Canadian Immigration News

What Are the Consultation Findings on the Municipal Nominee Program?

3.3 minute read
"The Liberal Party of Canada promised to launch the Municipal Nominee Programs (MNP) during the 2019 Federal Elections. The MNP was also a key priority highlighted in the 2 mandate letters issued by Prime Minister Justin Trudeau to Immigration Minister Marco Mendicino after the elections."
Written by My Visa Source Team
Published on:  Nov 14, 2021
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The Liberal Party of Canada promised to launch the Municipal Nominee Programs (MNP) during the 2019 Federal Elections. The MNP was also a key priority highlighted in the 2 mandate letters issued by Prime Minister Justin Trudeau to Immigration Minister Marco Mendicino after the elections. 

Since then, the pandemic has hindered any work on the program. During the 2021 Federal Elections, the Liberal Party once again promised to introduce the MNP. Now, an internal memo by Immigration, Refugees, and Citizenship Canada revealed the highlights of the 2020 stakeholder consultations on the MNP. 

As the pandemic-related restrictions are relaxed across Canada and all over the world, the path to introduce the MNP seems more clearer than ever. 

Why Is the Municipal Nominee Program (MNP) Needed?

The idea behind launching the MNP is to encourage economic immigration across smaller municipalities in Canada. The IRCC along with the Canadian provinces and territories have been making larger efforts to encourage economic immigration to smaller jurisdictions since the 1990s. 

The MNP will help attract and retain more workers to support and sustain economic development across Canada as more of the Canadian workforce retires. Until now, programs like the Provincial Nominee Programs (PNPs), the Atlantic Immigration Pilot Program (AIPP), and Quebec’s Immigration system have done a great job at promoting economic immigration across Canada.

Every Canadian province and territory (except Quebec and Nunavut) has their PNPs to nominate eligible candidates for permanent residence, provided they have the skills and experience to contribute to the local labor market. Before the PNPs were launched in 1998, 85% of all the immigrants were settling in major provinces such as Ontario, British Columbia, and Quebec. 

However, after the launch of the PNPs, this figure went down to 70%. Due to the PNPs, economic immigration to provinces such as Alberta, Saskatchewan, Manitoba, New Brunswick, Nova Scotia, Prince Edward Island, and Newfoundland and Labrador increased significantly. However, concentrating the immigration population from big cities in these provinces to smaller cities and towns remains the biggest challenge. Canada aims to address this challenge through the launch of the MNPs.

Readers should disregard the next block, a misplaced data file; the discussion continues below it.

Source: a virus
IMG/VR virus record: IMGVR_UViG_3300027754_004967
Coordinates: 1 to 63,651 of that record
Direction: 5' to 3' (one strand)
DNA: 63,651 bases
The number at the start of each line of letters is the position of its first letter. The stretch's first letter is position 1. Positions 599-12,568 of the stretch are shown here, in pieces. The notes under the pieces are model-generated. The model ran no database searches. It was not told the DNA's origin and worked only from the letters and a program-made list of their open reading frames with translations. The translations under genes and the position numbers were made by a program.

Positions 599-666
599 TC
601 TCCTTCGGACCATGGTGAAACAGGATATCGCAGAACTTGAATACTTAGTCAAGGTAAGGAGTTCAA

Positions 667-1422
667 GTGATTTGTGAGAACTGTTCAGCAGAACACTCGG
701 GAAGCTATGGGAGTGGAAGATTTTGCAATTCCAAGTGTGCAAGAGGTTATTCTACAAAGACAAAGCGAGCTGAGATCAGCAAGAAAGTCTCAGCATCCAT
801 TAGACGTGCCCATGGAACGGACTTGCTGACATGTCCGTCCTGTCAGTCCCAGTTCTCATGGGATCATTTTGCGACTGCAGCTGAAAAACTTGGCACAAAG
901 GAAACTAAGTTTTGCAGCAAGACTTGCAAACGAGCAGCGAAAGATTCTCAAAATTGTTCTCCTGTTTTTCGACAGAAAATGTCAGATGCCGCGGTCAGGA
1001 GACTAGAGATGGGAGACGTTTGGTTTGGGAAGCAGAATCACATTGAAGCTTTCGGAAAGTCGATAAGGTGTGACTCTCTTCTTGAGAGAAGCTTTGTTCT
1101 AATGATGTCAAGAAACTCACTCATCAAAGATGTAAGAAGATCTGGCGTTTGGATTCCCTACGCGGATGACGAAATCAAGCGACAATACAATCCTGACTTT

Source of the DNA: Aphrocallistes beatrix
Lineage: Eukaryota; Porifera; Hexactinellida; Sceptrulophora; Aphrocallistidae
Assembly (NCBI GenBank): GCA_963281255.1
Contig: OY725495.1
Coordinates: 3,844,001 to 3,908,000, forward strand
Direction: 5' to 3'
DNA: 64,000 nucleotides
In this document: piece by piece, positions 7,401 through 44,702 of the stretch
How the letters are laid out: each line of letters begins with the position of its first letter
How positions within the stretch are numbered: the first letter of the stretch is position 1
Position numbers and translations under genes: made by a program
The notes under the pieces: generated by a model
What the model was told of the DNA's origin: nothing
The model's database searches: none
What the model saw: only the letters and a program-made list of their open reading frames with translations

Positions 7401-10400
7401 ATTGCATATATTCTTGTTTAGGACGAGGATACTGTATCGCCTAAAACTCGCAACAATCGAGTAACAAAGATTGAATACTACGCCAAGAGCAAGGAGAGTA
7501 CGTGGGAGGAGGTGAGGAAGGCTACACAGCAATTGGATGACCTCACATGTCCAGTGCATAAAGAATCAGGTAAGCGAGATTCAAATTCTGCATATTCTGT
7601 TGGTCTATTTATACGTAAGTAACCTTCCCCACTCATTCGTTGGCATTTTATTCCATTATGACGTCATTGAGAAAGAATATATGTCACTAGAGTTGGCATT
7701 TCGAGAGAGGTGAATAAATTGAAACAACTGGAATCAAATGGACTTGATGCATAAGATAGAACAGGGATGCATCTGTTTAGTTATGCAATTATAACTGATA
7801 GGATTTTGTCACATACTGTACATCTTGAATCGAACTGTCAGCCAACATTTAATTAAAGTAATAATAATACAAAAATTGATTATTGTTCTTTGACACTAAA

What Did the Memo Reveal?

The memo revealed that the IRCC was planning to hold in-person consultations in 2020 which were shifted to virtual meetings in spring/summer 2020 because of the Covid-19 pandemic. The IRCC consulted with many stakeholders including the Federation of Canadian Municipalities, an organization representing over 2,000 Canadian municipalities, labor councils, academics, and immigrant-serving organizations, among others. 

These stakeholders were asked questions regarding:

  • What would a successful MNP look like?
  • How do you select the municipalities that will participate in the program?
  • What role each stakeholder will play in ensuring the success of the MNP?
  • How to support settlement and retention of new immigrants? 

According to a majority of the stakeholders, retention is the most important aspect to gauge the success of the program. This is because once the candidates receive permanent residence, they will be free to live anywhere in Canada. Therefore, to maximize the benefit from immigration, there must be enough job opportunities and a welcoming environment to help the settlement of new immigrants.

The stakeholders also identified addressing labor market needs and supporting economic growth in smaller communities as a metric of success for the program. These discussions concluded that the MNP needs to encourage economic immigration to smaller communities in a way that addresses the local labor market needs and also ensures the retention of new immigrants in these communities. 

On how to decide which communities will participate in the program, the majority of stakeholders identified local labor market needs as the main determinant. To support the retention of economic migrants, municipalities need to have the critical infrastructure, the ability to welcome newcomers, existing economic growth strategies, and publicly-funded colleges and universities. The main infrastructure requirements included the availability of housing, healthcare, and schools. Nearly half of the stakeholders agree that the MNP can operate within the PNPs. 

What’s In Store for the Future?

It is still unclear when the MNP will be launched. Many questions regarding what the program will look like, what the eligibility requirements will be, which municipalities will participate, and what role will be played by key actors such as employers and immigrant-serving organizations remain unanswered. If the program is based on previous retention-driven programs such as the RNIP, it can be expected that the IRCC will issue a call for proposals to invite eligible municipalities to submit applications to recruit economic immigrants through the program. 

It is also unclear whether this program will be temporary or permanent. Since 2013, every new program launched by the IRCC has been a 5-year program with an application cap of 2,750 candidates. If we go by this, the IRCC can be expected to implement the MNP for 5 years and decide whether to make it permanent or not during that period. The IRCC will require approval by the Parliament to make the program permanent.

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